The Hydrology of Mars Including a Potential Cryosphere

Lasue, Jérémie; Clifford, Stephen M.; Conway, Susan J.; Mangold, Nicolas and Butcher, Frances E. G. (2018). The Hydrology of Mars Including a Potential Cryosphere. In: Filiberto, Justin and Schwenzer, Susanne P. eds. Volatiles in the Martian Crust. Elsevier, pp. 185–246.

DOI: https://doi.org/10.1016/B978-0-12-804191-8.00007-6

Abstract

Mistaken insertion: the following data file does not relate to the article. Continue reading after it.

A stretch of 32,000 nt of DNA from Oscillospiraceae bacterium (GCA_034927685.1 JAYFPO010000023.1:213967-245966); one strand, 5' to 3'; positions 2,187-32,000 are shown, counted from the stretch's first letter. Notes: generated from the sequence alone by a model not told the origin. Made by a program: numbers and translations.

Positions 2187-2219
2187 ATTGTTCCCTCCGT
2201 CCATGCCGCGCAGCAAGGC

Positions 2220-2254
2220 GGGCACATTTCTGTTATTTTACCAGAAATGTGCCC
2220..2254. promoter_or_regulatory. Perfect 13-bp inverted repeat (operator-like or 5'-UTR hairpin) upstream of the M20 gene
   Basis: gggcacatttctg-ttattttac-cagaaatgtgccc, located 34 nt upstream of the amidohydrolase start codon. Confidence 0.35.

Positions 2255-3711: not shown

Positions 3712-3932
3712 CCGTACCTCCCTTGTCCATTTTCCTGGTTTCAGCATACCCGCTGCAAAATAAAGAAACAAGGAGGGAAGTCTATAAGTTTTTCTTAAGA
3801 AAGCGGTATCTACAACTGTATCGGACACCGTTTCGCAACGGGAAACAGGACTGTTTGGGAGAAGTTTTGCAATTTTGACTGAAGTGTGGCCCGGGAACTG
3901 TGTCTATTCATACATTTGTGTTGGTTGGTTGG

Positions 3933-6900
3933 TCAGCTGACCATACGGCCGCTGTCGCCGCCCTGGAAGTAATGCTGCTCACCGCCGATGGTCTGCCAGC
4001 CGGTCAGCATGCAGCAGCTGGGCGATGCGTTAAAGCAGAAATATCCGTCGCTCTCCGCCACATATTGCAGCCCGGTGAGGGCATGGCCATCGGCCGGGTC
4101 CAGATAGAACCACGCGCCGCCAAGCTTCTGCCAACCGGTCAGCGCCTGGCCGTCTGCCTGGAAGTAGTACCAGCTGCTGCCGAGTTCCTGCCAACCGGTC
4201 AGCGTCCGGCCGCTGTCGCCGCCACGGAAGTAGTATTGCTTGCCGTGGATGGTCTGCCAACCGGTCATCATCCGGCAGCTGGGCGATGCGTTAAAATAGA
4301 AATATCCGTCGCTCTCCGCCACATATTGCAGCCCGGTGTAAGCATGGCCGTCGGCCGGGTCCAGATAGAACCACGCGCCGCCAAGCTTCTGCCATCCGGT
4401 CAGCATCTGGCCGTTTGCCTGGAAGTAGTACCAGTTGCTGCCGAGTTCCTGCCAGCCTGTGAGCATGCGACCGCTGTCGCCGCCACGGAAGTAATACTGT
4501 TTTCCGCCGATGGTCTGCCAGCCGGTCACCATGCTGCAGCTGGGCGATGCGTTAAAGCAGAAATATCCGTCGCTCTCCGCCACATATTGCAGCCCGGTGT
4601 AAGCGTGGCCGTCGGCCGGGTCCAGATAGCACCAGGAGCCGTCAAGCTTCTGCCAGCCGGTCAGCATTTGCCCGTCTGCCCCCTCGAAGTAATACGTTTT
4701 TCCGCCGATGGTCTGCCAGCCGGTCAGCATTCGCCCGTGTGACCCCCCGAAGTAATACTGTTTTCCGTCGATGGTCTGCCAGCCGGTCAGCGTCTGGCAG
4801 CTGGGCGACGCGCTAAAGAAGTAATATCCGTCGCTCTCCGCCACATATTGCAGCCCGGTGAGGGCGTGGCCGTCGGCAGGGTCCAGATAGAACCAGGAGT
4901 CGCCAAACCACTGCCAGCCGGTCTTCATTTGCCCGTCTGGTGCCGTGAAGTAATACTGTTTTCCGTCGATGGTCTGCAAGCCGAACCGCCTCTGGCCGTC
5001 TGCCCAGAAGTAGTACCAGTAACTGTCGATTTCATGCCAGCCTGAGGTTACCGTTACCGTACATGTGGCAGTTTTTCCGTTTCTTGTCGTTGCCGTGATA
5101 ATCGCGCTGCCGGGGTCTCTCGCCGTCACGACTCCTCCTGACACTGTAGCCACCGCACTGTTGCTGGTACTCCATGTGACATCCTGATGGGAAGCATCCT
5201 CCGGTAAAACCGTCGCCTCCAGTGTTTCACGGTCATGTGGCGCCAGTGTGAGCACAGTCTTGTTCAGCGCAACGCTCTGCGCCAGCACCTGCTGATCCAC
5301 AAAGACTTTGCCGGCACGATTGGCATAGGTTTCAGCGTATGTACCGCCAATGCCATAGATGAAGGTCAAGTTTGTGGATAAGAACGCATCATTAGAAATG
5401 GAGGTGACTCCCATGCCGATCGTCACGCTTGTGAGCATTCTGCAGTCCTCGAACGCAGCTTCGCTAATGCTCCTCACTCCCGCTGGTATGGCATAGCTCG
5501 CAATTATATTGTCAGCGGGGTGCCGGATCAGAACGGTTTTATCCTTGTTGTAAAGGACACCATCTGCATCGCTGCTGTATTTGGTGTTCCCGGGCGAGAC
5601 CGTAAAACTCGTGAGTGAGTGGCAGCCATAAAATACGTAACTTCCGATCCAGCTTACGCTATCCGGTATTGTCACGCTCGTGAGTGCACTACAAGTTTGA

Water is one of the most common and important volatiles found throughout the Solar System, influencing both the geological evolution of planetary bodies and their potential habitability. The evidence for past and present water on Mars has been a main driver of its exploration. Ancient fluvial landforms indicate that Mars once had surficial conditions suitable for the presence of persistent liquid water on its surface. However, climate models of early Mars remain notably difficult to reconcile with these observations. The global inventory of water on Mars is critical to understanding how the planet's potential habitability has varied over time. In this chapter, we review these topics, including the inventory of water, its various reservoirs, and potential loss mechanisms, and discuss how the planet’s hydrosphere evolved with time.

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